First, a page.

Ryan Cresswell is already down the road in plotting a future after playing, and the former Southend United defender and his wife are also due to welcome their first baby this week. A player who has spent the bulk of the last 12 years in League One and Two, he is still only 31, and those who have seen firsthand what the ex-Northampton Town man can do feel there’s still a Football League (EFL) player there.
As well as sharing all range of stories from his playing career so far, ‘Cressy’ openly spoke about his alcohol issues on the ‘Undr the Cosh’ podcast earlier this year, and he has since been raring to throw his all into playing again. After a frustratingly fractured 2018/19 season, he signed for Bradford (Park Avenue) this summer, with new player-manager and former Bradford City favourite Garry Thompson a Morecambe teammate of his once upon a time.
In this conversation, the Rotherham lad has a look back, and a look ahead, with plenty of insight in between (and the odd character or two…)
Favourite team and player growing up
I used to watch Rotherham United. For players, I always remember Michael Owen when he first burst on to the scene.
Favourite game(s) you’ve played in and why?
I played the first game back after I lost my granddad, which was a really emotional time, away at Accrington (for Rotherham), and I scored the winner near the end. I had family and stuff in the stands. Scoring my first goal for Northampton away at Wycombe with a good header. I scored on my second debut, if you can have one, for Rotherham; we beat Lincoln 2-1. That was like the 80-odd minute as well. There’s quite a few actually when you start thinking!
A teammate/coach who taught you something new, made you see the game in a different way, or gave great advice you’ve always remembered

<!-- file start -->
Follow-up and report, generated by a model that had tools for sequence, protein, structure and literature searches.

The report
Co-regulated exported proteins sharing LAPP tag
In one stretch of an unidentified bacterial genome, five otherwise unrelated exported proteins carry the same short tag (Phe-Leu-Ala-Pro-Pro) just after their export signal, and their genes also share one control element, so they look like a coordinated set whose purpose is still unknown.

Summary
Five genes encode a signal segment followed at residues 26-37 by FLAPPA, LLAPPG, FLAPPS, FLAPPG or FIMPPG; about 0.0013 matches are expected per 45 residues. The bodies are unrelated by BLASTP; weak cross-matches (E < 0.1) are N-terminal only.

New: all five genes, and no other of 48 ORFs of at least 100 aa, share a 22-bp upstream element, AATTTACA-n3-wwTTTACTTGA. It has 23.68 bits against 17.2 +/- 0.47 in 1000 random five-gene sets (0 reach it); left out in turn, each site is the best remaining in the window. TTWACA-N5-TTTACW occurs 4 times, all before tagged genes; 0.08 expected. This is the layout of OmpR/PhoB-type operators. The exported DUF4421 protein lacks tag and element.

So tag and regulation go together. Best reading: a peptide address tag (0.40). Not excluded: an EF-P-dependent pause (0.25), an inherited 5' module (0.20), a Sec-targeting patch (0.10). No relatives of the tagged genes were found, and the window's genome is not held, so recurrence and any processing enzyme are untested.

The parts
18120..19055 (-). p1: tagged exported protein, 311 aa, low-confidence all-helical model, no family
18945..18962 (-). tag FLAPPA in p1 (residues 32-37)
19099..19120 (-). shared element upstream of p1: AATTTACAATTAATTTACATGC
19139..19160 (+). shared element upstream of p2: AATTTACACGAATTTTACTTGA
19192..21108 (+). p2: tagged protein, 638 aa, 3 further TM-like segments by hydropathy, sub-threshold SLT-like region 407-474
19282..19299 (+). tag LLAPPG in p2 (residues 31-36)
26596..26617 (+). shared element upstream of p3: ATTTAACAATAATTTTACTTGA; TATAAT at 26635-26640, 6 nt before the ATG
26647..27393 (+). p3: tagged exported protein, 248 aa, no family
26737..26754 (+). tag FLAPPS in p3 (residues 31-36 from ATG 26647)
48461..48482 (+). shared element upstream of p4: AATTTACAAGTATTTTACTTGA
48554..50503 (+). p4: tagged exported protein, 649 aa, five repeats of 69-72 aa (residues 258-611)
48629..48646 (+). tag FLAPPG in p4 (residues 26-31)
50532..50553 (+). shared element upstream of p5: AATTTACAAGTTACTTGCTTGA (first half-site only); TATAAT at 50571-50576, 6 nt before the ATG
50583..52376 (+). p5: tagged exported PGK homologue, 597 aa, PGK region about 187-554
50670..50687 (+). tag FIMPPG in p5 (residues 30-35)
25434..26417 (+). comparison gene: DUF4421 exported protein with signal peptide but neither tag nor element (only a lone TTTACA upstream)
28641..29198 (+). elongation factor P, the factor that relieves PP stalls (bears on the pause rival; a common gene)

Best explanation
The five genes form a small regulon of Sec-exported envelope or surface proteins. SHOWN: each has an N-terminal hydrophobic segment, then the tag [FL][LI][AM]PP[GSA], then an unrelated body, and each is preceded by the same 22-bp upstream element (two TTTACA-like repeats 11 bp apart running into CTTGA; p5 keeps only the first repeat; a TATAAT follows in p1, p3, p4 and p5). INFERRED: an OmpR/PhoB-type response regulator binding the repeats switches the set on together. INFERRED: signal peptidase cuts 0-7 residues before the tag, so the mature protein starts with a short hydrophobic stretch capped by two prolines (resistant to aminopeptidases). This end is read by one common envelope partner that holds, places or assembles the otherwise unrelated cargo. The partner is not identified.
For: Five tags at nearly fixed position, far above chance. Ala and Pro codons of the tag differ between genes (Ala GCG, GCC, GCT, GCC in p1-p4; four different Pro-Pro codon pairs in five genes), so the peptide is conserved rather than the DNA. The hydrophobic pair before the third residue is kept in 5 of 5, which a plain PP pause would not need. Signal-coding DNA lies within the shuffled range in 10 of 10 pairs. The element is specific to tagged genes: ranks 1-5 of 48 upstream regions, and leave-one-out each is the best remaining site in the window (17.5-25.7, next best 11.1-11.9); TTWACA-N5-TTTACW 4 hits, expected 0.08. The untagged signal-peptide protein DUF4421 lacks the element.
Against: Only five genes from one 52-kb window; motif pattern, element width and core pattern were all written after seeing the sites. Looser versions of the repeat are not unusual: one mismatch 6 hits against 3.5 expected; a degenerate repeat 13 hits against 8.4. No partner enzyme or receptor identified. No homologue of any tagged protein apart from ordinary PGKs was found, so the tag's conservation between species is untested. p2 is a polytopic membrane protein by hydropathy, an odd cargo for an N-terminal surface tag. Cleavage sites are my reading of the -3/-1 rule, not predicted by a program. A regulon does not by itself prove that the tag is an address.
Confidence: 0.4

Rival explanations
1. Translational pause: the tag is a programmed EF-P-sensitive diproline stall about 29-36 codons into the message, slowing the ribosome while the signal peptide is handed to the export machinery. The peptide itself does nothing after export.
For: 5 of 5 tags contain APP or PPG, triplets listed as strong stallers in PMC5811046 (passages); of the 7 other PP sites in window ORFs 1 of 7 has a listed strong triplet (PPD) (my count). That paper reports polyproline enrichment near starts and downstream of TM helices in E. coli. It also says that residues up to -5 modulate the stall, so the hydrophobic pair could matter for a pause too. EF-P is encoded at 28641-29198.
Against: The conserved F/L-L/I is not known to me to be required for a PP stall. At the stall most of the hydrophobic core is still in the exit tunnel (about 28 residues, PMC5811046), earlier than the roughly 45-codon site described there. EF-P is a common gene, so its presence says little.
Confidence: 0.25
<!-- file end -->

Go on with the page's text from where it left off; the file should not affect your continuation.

I think every manager has their own twist on things. ‘Fire and ice’ is what Chris Wilder used to say; he’d want you to be red hot chasing things and be cool in the big moments.
Funniest teammate/coach/manager in your career (or give more than one example)
Jon Parkin as a teammate; people used to call us a married couple. Chris Wilder was actually a funny manager, but he was demanding. Alan Knill, he was funny; you have to know how to take his sense of humour! Nicky Adams, he’s a funny lad, we’ve had some good times over the years.
A player you’ve played with whose ability alone deserved/deserves to be at a higher level
I’d say Nicky Law. We came through together at Sheff United and he made his debut when they were in the Premier League. I played again with him for Rotherham in League Two and I just thought ‘you should be so much higher,’ and then he ended up playing for Rangers. He got a couple of promotions for them, so I suppose he has played at a good level, but he was a standout one where you thought ‘he’s good’.
What would you say has been the happiest spell in your time in football so far?
Personally, I had my best season when I was at Southend. I played 54 games that year, got in League Two PFA Team of the Year. It was good, I never really thought I wasn’t gonna play on Saturday, so I always had confidence of the manager (Paul Sturrock, until March 2013) and the backing of the staff, as such. Then the Northampton league-winning year, the dressing room was such a good environment. Don’t get me wrong, I’m not saying you don’t look forward to going into training every day, but at Northampton, it was just such a good group of lads that it was a pleasure to go in every day. So them two really as probably the standout ones.